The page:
Some may knee-jerk and say zombies have been done to death, but I like that you are taking the genre back to its voodoo roots. I would DEFINITELY read this, but I'm a sucker for zombies and historical English settings. Would an agent/publisher react the same way? A think a little pizzazz and showmanship could liven up the query and hook a reader.

Huntress said...

I’ve cut all phrases that detract from your storyline, IMHO, and boiled it down to the essence.

Professor Duncan Clarke, pick up a donation of strange artifacts and journals for his (anthropology) department.

When a drawing of an emaciated young boy with terrified eyes falls out of one the journals, Duncan discover the identity of this horrific looking child.

Duncan learn century-old case of Henri, Haitian Zumbi. The journals (belonged to a) curiosity dealer document the boy's rescue and his attempted rehabilitation in England, where he is kept in seclusion, nursed. And studied. *Inserted by Huntress*

As Duncan gets deeper into the journal and the strange facts of the case, he begins to change from a by-the-book professor to one who will risk his family, his job and even break the law to find out the truth of Edward's Zumbi.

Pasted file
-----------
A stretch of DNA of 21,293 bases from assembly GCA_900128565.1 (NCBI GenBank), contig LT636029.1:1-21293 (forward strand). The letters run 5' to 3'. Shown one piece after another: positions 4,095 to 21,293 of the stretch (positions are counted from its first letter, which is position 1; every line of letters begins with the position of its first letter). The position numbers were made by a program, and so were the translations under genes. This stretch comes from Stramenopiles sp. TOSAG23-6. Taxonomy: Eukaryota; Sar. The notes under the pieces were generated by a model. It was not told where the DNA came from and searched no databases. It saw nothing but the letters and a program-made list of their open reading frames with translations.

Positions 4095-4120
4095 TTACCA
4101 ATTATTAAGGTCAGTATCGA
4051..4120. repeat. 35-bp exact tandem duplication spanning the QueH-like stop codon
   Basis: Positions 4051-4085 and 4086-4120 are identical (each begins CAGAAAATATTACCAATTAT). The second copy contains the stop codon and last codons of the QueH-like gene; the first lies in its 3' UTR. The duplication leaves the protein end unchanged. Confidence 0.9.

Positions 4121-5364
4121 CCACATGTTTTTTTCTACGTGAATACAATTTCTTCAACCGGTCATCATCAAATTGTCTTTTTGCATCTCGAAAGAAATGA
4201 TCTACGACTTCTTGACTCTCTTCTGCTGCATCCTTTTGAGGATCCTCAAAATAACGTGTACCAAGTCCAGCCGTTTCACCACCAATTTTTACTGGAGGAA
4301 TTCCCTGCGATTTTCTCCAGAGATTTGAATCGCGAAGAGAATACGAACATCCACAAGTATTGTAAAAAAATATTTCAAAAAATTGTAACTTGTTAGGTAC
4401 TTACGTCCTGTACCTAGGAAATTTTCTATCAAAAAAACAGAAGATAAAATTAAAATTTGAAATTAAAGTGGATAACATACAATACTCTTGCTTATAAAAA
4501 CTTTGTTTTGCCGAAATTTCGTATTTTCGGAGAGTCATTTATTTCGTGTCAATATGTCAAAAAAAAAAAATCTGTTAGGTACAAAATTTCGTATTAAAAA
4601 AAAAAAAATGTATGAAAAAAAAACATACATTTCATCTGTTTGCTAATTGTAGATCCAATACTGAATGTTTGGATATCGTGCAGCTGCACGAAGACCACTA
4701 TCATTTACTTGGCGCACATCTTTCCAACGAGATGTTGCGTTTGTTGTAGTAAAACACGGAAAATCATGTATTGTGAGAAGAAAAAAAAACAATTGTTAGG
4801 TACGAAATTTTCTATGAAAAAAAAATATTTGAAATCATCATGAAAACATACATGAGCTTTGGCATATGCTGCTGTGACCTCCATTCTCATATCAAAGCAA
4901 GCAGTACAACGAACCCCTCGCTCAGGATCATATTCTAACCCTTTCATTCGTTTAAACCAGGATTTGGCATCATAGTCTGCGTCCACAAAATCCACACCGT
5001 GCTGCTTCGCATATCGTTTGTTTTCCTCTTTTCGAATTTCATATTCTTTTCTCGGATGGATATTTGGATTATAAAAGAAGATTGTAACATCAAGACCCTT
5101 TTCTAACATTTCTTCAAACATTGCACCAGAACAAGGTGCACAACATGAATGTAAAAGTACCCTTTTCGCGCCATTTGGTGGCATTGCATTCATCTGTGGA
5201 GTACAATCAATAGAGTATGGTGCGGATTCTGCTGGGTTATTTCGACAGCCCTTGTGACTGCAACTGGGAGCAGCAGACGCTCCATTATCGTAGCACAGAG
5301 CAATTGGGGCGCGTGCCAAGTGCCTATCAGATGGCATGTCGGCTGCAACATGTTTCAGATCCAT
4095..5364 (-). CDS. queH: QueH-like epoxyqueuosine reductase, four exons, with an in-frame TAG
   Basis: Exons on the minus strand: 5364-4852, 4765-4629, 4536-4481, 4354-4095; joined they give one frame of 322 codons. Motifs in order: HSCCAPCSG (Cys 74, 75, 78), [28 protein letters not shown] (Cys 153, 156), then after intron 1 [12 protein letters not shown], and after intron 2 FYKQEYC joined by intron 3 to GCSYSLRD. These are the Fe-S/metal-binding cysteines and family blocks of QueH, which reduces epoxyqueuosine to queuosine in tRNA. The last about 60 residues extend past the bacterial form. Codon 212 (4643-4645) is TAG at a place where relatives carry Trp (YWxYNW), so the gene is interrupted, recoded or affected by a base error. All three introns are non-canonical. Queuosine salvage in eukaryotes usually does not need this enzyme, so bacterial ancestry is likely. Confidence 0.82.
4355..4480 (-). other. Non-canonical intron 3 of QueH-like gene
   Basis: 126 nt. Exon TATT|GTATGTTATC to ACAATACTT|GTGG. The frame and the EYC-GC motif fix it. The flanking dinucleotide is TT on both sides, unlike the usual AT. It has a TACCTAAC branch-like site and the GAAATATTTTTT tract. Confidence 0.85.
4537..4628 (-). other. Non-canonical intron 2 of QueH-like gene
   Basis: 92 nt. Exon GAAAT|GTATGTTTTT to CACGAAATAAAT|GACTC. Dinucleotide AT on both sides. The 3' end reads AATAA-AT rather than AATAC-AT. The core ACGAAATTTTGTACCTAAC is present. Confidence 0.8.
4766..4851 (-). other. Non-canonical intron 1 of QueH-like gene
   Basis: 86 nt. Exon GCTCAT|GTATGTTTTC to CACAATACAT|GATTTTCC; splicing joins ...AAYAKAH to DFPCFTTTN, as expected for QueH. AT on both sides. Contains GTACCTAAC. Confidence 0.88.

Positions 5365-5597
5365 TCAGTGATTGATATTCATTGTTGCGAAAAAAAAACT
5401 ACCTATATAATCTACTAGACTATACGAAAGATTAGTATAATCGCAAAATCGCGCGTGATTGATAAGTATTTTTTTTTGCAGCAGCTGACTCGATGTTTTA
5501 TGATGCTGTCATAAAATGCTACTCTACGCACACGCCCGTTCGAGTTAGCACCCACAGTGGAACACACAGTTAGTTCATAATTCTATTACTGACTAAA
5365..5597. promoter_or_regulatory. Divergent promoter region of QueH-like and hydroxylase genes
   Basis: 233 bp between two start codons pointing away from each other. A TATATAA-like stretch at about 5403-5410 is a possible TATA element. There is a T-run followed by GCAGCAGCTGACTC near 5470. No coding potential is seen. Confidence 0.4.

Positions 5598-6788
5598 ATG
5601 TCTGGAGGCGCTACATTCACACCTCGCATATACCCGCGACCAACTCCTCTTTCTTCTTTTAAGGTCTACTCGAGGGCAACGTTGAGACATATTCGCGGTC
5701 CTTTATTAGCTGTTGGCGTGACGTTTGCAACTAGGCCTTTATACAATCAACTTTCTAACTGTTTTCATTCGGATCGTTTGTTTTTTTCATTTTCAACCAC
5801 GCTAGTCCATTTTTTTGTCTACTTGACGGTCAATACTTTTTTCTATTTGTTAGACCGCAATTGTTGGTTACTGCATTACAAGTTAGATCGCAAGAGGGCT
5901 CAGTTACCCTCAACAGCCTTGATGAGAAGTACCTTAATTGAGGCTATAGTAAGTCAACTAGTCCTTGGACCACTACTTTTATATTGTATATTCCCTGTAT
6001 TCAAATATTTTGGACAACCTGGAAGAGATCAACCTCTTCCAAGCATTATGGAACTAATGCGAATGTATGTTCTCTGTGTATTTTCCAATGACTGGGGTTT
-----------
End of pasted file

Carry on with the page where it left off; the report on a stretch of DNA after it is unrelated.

Finally, Duncan's curiosity will alter his life he realizes his obsession has damned his life forever.

The Curiosity is a 110,000 word historic horror frame story that takes place in both 1865 London and 1990 England as Duncan Clarke brings into his day a macabre tale from the past. It can stand alone but I am exploring the concept of a sequel or two, as the conclusion of the story easily lends itself well to that.

Of course you need to edit grammar and punctuation in my above crit since cutting the words out jumbled it up. But try cooking it down to under 200 words. Add phrases sparingly.